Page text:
1. Wherever possible antibiotics should be prescribed orally
2. Antibiotics should be:
- Administered only for as long as necessary to treat the infection
- Changed from IV to oral as soon as possible
3. Sugar free liquids are preferred where available, and SF identifies where a sugar free product is available.
4. For young children requiring doses of less than 5ml an oral syringe will be dispensed.
Pre-admission management for suspected meningitis can be found here: http://www.hpa.org.uk/webc/HPAwebFile/HPAweb_C/1194947389261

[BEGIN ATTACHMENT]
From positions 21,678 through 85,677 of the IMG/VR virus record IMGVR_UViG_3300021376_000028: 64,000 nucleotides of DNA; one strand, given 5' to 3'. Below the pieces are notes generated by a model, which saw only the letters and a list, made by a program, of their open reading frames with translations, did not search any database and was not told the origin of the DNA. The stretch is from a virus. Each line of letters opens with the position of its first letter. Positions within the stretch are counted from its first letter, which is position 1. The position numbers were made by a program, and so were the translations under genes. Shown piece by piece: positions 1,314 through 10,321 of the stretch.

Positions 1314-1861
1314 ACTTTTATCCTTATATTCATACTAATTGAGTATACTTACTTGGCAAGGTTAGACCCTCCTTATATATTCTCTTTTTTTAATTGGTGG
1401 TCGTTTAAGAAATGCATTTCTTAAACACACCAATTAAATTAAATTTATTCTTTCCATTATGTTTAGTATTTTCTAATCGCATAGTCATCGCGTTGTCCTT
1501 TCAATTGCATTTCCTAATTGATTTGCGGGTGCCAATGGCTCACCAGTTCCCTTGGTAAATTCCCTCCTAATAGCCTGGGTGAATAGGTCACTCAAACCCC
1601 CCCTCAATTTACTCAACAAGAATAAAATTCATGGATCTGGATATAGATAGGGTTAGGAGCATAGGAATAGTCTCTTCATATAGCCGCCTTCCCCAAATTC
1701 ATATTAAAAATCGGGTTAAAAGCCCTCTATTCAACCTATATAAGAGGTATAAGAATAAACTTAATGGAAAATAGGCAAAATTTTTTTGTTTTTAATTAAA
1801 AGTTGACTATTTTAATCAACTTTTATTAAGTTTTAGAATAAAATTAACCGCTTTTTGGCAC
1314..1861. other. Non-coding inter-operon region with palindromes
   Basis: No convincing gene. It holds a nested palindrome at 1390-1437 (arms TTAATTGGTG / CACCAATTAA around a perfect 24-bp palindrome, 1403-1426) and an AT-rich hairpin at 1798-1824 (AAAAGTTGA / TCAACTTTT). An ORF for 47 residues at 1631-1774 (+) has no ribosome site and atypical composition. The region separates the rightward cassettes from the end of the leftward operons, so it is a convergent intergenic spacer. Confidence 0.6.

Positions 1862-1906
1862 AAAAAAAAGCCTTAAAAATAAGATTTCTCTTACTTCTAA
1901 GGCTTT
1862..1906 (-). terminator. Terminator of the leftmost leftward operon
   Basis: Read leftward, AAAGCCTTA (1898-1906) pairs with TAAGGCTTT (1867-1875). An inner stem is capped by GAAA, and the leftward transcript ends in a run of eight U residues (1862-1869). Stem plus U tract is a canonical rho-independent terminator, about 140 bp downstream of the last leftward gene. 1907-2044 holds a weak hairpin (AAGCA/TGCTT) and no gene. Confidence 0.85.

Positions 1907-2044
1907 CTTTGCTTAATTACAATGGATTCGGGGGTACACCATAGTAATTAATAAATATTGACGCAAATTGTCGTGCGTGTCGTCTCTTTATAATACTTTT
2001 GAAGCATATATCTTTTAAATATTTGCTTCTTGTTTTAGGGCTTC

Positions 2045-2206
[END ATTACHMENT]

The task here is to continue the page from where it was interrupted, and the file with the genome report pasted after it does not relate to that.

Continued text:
1. All GPs should carry benzylpenicillin for injection and administer it whilst arranging the transfer of the case to hospital, unless there is a history of immediate allergic reactions after previous penicillin administration.
2. GPs do not need to carry an alternative antibiotic. However, if other antibiotics are available, a 3rd generation cephalosporin may be used. If there is a history of immediate allergic reactions to penicillin or cephalosporins, chloramphenicol may be used.
3. Immediate dose of IV/IM benzylpenicillin for suspected meningococcal infection
- Adults and children aged 10 years or over - 1.2g
- Children aged 1 to 9 years - 600mg
- Children aged under 1 year - 300mg